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About butterbumps!

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    totally cromulent

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  1. butterbumps!

    u.s. politics: sundowning on the american empire

    I realize this is getting into conspiracy territory, but a not insignificant part of me kind of thinks the broken arm is bullshit. The more I think about this, the more I’m wondering if it’s a convenient way to avoid addressing his status as a Russian asset as well as avoiding giving a response to white supremacist domestic terrorism for the next 6 weeks.
  2. What does a progressive prosecutor look like? Is the issue that makes Harris so “problematic” the fact that she’s a prosecutor in the first place? I mean the Vox explainer that was linked to I guess prove her inadequacy basically shows her record to be a mixed bag, not that she did anything particularly egregious. While I wish I lived in Warren’s America (as in, I want a pretty far left agenda), I’m kind of in love with the fact that Harris is a sharp prosecutor- for this particular election, against this administration teeming with criminal simpletons. I don’t know if she can or will actually go after prosecuting these felonious fuckwads, but the fact that it seems like she could tear it out root and stem is massively appealing to me. Also, watching her go against shitty men is enormously cathartic.
  3. butterbumps!

    US Politics: A Farewell to Arms

    I don’t know if that’s necessarily true. Even just given what we know out in the open (things like Kushner wanting a private direct line to Russia, the Trump Tower deal, Fredo Jr.’s clear acceptance of a meeting for dirt on Hillary, how Trump keeps meeting with Putin without anyone but translators present, telling a foreign power to hack an opponent’s private account during a debate, etc), it’s pretty clear there’s a lot there that we should find unacceptable and probably subject to some kind of legal consequence. The problem isn’t that these assholes are “innocent” or that there’s nothing to see here. I think it’s that our laws are woefully insufficient to deal with the kind of abject venality of this family of syphillitic ulcers- this presidency seems to be exposing all the weaknesses in our laws. And not just with this Russia business, but also with all these ridiculous things that aren’t technically illegal but remarkably corrupt like self-dealing, nepotism, not presenting tax returns, cheating on taxes, and so forth. Maybe Dems should pursue that report relentlessly and start turning some of this “norm” business into law.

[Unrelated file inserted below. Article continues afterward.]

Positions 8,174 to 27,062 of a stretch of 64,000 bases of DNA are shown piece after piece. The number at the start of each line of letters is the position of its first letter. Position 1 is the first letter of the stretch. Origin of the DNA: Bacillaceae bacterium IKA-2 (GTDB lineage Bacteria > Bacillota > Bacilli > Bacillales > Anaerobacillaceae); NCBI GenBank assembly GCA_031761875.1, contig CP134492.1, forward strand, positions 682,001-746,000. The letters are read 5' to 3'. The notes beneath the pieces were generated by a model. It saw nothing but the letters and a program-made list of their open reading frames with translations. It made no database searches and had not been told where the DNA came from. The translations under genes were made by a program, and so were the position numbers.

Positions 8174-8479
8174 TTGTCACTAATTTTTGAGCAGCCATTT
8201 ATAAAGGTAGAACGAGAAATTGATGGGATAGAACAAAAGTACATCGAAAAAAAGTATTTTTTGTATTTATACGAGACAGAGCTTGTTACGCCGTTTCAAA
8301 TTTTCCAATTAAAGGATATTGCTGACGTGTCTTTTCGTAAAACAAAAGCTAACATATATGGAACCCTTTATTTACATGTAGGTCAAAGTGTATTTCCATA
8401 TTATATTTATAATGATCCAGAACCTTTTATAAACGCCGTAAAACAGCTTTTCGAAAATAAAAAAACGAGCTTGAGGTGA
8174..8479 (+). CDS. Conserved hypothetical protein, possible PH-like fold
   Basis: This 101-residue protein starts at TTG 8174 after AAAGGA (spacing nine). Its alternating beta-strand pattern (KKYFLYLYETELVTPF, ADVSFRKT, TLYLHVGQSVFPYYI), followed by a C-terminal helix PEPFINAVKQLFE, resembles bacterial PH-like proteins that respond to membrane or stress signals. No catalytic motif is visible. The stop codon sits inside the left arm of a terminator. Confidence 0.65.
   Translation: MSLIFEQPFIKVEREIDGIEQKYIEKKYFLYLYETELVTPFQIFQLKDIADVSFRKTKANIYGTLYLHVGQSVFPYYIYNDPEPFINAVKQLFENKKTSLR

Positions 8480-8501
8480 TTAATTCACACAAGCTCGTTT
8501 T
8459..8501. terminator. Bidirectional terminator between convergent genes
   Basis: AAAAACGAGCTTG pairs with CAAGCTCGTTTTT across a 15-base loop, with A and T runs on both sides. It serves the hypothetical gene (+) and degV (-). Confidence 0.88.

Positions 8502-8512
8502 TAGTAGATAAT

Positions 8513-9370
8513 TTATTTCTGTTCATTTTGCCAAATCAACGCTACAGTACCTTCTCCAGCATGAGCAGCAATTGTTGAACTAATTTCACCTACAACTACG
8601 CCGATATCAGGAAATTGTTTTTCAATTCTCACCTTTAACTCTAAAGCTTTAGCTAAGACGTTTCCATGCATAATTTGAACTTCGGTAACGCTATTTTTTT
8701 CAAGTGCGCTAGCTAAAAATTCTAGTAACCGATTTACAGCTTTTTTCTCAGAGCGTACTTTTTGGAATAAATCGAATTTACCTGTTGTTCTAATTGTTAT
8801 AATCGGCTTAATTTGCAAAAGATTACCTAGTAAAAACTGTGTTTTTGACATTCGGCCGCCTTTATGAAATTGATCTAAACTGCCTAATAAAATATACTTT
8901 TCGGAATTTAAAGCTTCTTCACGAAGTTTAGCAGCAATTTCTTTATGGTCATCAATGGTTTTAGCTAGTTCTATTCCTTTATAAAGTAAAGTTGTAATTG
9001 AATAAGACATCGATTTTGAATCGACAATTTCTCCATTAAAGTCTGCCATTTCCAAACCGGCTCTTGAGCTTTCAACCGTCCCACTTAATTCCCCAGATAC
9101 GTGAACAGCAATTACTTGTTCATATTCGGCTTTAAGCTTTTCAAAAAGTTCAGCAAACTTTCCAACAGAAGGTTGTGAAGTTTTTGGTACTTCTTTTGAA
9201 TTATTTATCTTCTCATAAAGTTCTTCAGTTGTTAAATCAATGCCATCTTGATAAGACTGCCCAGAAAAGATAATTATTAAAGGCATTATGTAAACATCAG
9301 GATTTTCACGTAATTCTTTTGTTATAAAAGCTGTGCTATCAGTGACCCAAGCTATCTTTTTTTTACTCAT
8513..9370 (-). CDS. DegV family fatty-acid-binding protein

4. butterbumps!

    US Politics: Shutbound & Down

    I’m strongly pro Harris, but I’ve been curious about the Beto as VP angle since his loss, and increasingly like it. At least, I think I might really like it in the context of woman president/ man VP combo particularly. In addition to what’s been said, it seems like he’s good at getting young people to vote and pay attention. But I think what I might like most about him is his ability to explain things well, make issues personal without seeming like it’s torturously staged and pandering, and to reach a lot of people. There’s been a pretty strong disinformation campaign by the right for years that’s served to obfuscate basic reality about how government works, what government programs people are benefitting from, and so on. Judging by the scores of think pieces about government-supported voters continuously voting against government-support by voting Republican and such (and all those furious people who are anti Obamacare but want their ACA), it looks we’re overdue for a lesson in “what does government actually do for us.” I get the sense that not knowing about how government affects people personally makes a lot of especially young people feel like their vote is pointless so why bother. I’m thinking he might be a useful messenger to this end. And granted, he doesn’t have to be a VP to be an influential Dem messenger and leader, but being on the ticket would obviously raise the profile and keep him relevant.